A syndemic approach to the prevention of diet and physical activity related non-communicable diseases

We are now all very familiar with epidemics and pandemics. These typically arise when one disease or condition spreads rapidly or globally. 

The concept of a ‘syndemic’ (from ‘synergistic epidemic’) describes the co-occurrence of interacting epidemics and risks. Indeed the ongoing global pandemic of Covid-19 has been described as a syndemic because of the ways it interacts with non-communicable disease.

In GDAR’s research, the interaction of mass urbanisation, rapid climate change, and epidemics of poor diet and rising physical inactivity constitute another such syndemic. These forces all interact to increase risks of non-communicable disease. Therefore, without considering them together we cannot create effective and sustainable interventions to improve health in low and middle income countries.

Our syndemic approach aims to develop interventions that will work in two ways:

  • by reducing the exposure of individuals in cities to these syndemic hazards
  • by reducing the vulnerability of the wider built and food environments to these hazards.

As the urban poor are most affected by these hazards, we will build understanding of individual exposures by examining how the hazards cluster with household and neighbourhood deprivation.

The wider environmental influences will be explored by examining the ways that policy, community and commercial forces shape the built and food environments in growing cities. This way we can understand exactly how and which environments are most vulnerable.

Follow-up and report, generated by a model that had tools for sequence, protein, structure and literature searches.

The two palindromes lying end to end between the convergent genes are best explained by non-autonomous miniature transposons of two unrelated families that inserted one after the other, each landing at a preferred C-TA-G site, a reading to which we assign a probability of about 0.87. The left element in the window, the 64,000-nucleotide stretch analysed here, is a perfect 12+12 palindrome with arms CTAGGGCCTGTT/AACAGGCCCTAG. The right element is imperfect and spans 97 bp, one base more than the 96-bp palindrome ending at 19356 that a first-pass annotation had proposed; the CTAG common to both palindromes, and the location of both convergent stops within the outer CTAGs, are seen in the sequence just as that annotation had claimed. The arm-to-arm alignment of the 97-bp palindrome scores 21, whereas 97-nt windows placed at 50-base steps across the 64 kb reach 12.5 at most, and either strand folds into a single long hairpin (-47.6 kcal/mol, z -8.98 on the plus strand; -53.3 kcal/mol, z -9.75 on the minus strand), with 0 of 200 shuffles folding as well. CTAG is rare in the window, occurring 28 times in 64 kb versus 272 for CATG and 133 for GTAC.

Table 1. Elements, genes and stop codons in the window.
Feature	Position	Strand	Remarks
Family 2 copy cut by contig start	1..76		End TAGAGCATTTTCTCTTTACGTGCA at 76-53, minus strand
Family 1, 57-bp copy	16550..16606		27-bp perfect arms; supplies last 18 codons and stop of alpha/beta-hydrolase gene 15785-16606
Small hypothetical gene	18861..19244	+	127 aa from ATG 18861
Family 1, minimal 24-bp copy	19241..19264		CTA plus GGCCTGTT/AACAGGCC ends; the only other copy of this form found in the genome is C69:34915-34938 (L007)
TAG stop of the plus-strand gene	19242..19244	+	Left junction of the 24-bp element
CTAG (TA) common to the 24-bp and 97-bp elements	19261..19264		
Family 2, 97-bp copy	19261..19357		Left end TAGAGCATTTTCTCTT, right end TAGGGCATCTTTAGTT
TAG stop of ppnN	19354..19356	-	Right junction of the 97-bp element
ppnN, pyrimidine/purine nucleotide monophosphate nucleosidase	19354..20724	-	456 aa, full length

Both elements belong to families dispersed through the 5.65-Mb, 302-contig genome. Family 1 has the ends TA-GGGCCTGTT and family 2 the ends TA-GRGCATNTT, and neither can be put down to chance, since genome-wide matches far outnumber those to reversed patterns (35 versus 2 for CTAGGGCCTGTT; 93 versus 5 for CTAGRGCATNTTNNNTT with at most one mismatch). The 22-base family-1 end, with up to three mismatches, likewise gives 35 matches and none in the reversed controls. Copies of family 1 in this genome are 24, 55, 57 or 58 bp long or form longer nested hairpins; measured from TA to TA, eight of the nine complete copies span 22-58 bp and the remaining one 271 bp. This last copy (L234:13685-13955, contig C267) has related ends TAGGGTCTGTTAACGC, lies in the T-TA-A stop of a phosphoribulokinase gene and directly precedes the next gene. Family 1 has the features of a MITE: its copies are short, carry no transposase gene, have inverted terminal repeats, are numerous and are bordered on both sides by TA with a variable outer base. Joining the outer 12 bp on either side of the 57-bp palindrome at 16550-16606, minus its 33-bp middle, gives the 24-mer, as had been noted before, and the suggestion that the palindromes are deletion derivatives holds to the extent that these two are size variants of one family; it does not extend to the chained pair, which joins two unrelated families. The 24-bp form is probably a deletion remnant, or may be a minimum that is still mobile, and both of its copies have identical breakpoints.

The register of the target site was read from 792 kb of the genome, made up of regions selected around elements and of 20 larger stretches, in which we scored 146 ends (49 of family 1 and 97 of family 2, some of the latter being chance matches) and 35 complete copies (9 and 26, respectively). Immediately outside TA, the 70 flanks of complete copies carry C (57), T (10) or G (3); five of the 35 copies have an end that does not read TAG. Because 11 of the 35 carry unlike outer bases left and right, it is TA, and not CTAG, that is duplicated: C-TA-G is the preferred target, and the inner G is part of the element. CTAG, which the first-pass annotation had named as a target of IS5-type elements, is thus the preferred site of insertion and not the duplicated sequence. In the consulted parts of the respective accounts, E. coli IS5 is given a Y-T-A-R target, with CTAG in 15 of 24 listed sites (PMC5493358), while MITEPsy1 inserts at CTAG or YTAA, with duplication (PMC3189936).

Discovery through partnerships

Building on our first phase of research, the GDAR Network was refunded from September 2021 by the NIHR Global Health Research initiative.

We are working in Cameroon, South Africa, Kenya and Jamaica, as well as collaborating with UN-Habitat, the University of Lagos, Nigeria, the Federal University of Minas Gerais, Brazil and Imperial College’s South Asia study. More about the Network Partners here.

Contributions of non-academic stakeholders will guide activities throughout the research process and co-design of syndemic interventions. This will help to identify the policy and community actions and characteristics that can support future interventions.

Research objectives

1. Measuring syndemic hazard exposure

Our goal is to identify and characterise the exposure to syndemic hazards in Johannesburg and Cape Town, South Africa; Yaoundé, Cameroon; Kingston, Jamaica; and Lagos, Nigeria. Read more.

2. Assessing adaptability to syndemic hazards

We will seek to understand the capacity of community, policy and commercial institutions to adapt to syndemic hazards in Cameroon, Kenya, Jamaica, Nigeria and South Africa. Read more.

3. Evaluating diet and physical activity related responses to COVID-19

We will evaluate the role of Covid-19-mitigation actions by policy and community actors in shaping the food and built environment in Africa and the Caribbean. Read more.

4. Co-designing built and food environment interventions

Working in Yaoundé and Cape Town, we will design, implement and test interventions that promote healthy diets and physical activity, particularly with adolescents. Read more.